Aside from the question of the complainants' memories, the instant court also opined that "one could question" whether the complainants "would even be willing to continue to cooperate with the Commonwealth" if the court allowed Appellant to withdraw his pleas. Trial Court Opinion, 02/11/13, at 7. There are no facts of record supporting the court's suggestion that the complainants will not cooperate with the Commonwealth upon withdrawal of Appellant's guilty pleas. In fact, the record contains at least some evidence to the contrary. During the hearing on Appellant's motion to withdraw his pleas, the Commonwealth specifically advised the court that the younger complainant and the younger complainant's mother were in the courtroom. Though not conclusive, this comment by the Commonwealth tended to show the Commonwealth had continuing access to, and cooperation from, at least one of the complainants. The Commonwealth made no remarks suggesting the second complainant had become unavailable or uncooperative in any way.

The cases of Carr and Cole do not support the court's reasoning as to any potential lack of cooperation by the complainants. In Carr, the lapse of time between the plea and the withdrawal motion resulted in a shift of some witnesses' sympathies from the complainant to the defendant, thereby making those witnesses reluctant to testify for the Commonwealth. In Cole, it appeared the request for plea withdrawal was designed by the defendant in hopes that the complaint would become unavailable. Herein, the record demonstrates neither lack of cooperation nor unavailability of the complainants.

Overall, the record and relevant case law do not support a finding that the Commonwealth has been or will be prejudiced because it cannot locate, secure the attendance of, or obtain cooperation from the complainants. At best, therefore, the court's concern about the cooperation of the complainants was speculation unsupported by facts of record. Speculation about harm that might possibly arise does not establish prejudice so as to deny a pre-sentence motion to withdraw a guilty plea. Commonwealth v. McLaughlin, 366 A.2d 238, 241 (Pa. 1976). At worst, the court's concern was arguably refuted, at least in part, by the record comments from the Commonwealth about the apparent availability of at least one complainant.

We next note the Iseley case does not support the instant court's apparent belief that Appellant's assertion of innocence was an insufficient basis to grant plea withdrawal. As we have already discussed, the Iseley court rejected an assertion of innocence after a second guilty plea but, while doing so, recognized that such an assertion normally warrants the granting of pre-sentence plea withdrawal in the case of a first guilty plea. The case before us does not involve multiple instances of Appellant having pled guilty at different times only then to recant his pleas, seeking to withdraw them each time. Appellant pled guilty on one occasion. He then moved to withdraw his pleas. His motion alleged his innocence, a fair and just reason to grant plea withdrawal in this case.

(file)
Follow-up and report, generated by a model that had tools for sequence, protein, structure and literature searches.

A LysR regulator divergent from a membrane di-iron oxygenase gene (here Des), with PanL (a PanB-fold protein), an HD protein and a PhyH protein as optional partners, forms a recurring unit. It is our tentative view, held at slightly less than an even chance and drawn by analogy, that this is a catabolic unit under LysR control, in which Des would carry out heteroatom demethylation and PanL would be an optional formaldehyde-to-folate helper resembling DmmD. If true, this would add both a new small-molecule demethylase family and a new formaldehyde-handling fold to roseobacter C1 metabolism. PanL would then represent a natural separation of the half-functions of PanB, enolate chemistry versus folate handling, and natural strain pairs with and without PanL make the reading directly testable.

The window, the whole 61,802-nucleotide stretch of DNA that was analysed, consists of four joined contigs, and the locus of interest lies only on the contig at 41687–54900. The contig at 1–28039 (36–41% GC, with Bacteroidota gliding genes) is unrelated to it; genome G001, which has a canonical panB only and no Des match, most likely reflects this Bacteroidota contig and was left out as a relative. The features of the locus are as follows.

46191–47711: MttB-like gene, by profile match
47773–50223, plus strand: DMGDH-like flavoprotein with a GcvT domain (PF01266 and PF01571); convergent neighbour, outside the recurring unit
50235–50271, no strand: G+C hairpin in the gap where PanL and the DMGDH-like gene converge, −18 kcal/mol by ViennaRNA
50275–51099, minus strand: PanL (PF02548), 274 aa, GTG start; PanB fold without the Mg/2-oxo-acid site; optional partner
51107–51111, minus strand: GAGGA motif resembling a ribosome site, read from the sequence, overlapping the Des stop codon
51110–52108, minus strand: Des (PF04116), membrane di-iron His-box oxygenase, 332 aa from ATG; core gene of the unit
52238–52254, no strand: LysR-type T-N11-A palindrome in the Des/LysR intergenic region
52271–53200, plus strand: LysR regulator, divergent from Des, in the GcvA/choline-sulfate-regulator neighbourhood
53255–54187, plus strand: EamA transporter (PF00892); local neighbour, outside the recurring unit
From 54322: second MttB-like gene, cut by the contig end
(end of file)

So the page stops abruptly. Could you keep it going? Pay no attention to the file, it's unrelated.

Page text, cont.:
Comments made by the court during the hearing on Appellant's motion to withdraw his pleas also demonstrate error. The court voiced its concern that the complainants were being "abused by the legal system" and Appellant. N.T., 09/05/12, at 5-6. Further, the court stated it was "not going to make [the complainants] come into open court and testify in front of a jury of strangers, [Appellant's] peers, on the whim that he now changed his mind or whatever concocted reason it is that he claims that everything that he said under oath was a lie." Id. at 6.

The rights to a public trial and to a trial by a jury of a defendant's peers are among the most fundamental and obvious constitutional protections that all courts must join in protecting. See U.S. Const. amend. VI; Pa. Const. art. I, § 9. Similarly, the United States and Pennsylvania Constitutions give defendants who are accused of crimes the right to confront witnesses. U.S. Const. amend. VI; Pa. Const. art. I, § 9. The facts that complainants in any particular case may have to testify and may have to endure the procedural steps of criminal prosecutions (e.g., appearing for trial, being told the defendant has pled guilty, having to appear again if the defendant is properly allowed to withdraw the plea) do not constitute abuse by the legal system. Whatever concern the lower court may well have had regarding stress the complainants in this case may feel, the court's comments gave the improper appearance of disdain for fundamental constitutional rights.

Additionally, whatever personal inconvenience witnesses might feel in any given case does not necessarily harm the Commonwealth's ability to prosecute an accused person. In the case before us, there are simply no record facts showing that any personal inconvenience which might be endured by the complainants will translate into substantial prejudice against the Commonwealth. In short, the record does not demonstrate that allowing Appellant to withdraw his pleas will place the Commonwealth in a worse position to prosecute this case than if the matter had originally proceeded to trial.